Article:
Hi, I'm Rudi, i'm 8 years old and my favourite book is 'Tarka the Otter' by Henry Williamson. Its about the life of an otter named Tarka and British Wildlife. One night i was reading the book with my dad and i said that i wanted to see all the animals in the book, he said i should do it and call it the Tarka Challenge. My Tarka Challenge started on 1st January 2012. The book contains 89 birds, 54 land based animals, 120 plants and 56 aquatic organisms.

The rules are simple, i must either see each thing myself or photograph it using my trail camera. I will try and see each thing on my local patch (Ogmore River Catchment) but may need to look somewhere else in Britain.

Yellowhammer & Wheatear

Yellowhammer (Emberiza citrinella)
Wheatear (Oenanthe oenanthe)


This bird mainly breeds on farmland. The adult male is bright yellow in the summer, like a canary. There is a rhyme in words that describes its song which goes 'a-little-bit-of-bread-and-no-cheese'. Its name in Welsh is 'Melyn yr Eithin' which means 'yellow bird of the gorse'. As you can probably guess, the birds like to live in areas where gorse grows. Gorse flowers are yellow, a bit like the birds feathers.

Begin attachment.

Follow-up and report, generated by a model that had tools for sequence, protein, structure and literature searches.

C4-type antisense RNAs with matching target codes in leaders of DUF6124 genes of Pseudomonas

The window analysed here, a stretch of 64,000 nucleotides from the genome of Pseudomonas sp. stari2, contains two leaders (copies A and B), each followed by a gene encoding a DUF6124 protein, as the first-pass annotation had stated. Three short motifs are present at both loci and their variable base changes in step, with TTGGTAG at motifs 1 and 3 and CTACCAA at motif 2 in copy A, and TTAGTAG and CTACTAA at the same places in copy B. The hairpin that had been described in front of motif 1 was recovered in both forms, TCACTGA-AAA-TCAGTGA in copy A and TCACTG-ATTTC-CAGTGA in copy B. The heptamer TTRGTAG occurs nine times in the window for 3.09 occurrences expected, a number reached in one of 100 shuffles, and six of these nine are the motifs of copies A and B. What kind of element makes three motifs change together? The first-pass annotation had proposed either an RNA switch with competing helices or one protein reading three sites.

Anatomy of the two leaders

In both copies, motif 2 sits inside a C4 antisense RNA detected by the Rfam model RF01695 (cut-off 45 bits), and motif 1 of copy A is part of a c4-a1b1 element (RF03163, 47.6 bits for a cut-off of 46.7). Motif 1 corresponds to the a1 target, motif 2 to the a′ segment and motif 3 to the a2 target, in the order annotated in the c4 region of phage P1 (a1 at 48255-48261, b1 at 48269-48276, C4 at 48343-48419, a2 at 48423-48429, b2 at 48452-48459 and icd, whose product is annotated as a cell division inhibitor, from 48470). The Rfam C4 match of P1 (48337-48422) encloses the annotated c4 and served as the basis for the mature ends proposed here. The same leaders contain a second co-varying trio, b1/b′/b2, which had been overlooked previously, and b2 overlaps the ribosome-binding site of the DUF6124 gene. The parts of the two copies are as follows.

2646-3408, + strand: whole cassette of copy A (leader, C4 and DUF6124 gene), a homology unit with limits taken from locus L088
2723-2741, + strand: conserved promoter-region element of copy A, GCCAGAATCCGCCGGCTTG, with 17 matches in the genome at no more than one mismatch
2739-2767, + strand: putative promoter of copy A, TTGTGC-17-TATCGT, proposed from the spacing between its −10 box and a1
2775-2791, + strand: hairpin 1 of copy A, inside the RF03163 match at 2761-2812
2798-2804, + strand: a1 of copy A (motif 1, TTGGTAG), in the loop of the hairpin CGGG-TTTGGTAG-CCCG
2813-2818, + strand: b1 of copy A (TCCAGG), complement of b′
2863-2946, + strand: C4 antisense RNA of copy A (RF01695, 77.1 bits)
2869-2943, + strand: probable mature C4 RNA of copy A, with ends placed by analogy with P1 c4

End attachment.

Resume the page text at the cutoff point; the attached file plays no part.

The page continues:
These are usually the first of the summer visiting birds to arrive in this country (in March). Its name comes from the old english words of 'hwit' (white) and 'aers' (rump), which means white backside. Wheatears nest in holes and used to use old rabbit holes for nesting. Like a lot of birds, in the old days people used to eat Wheatears.

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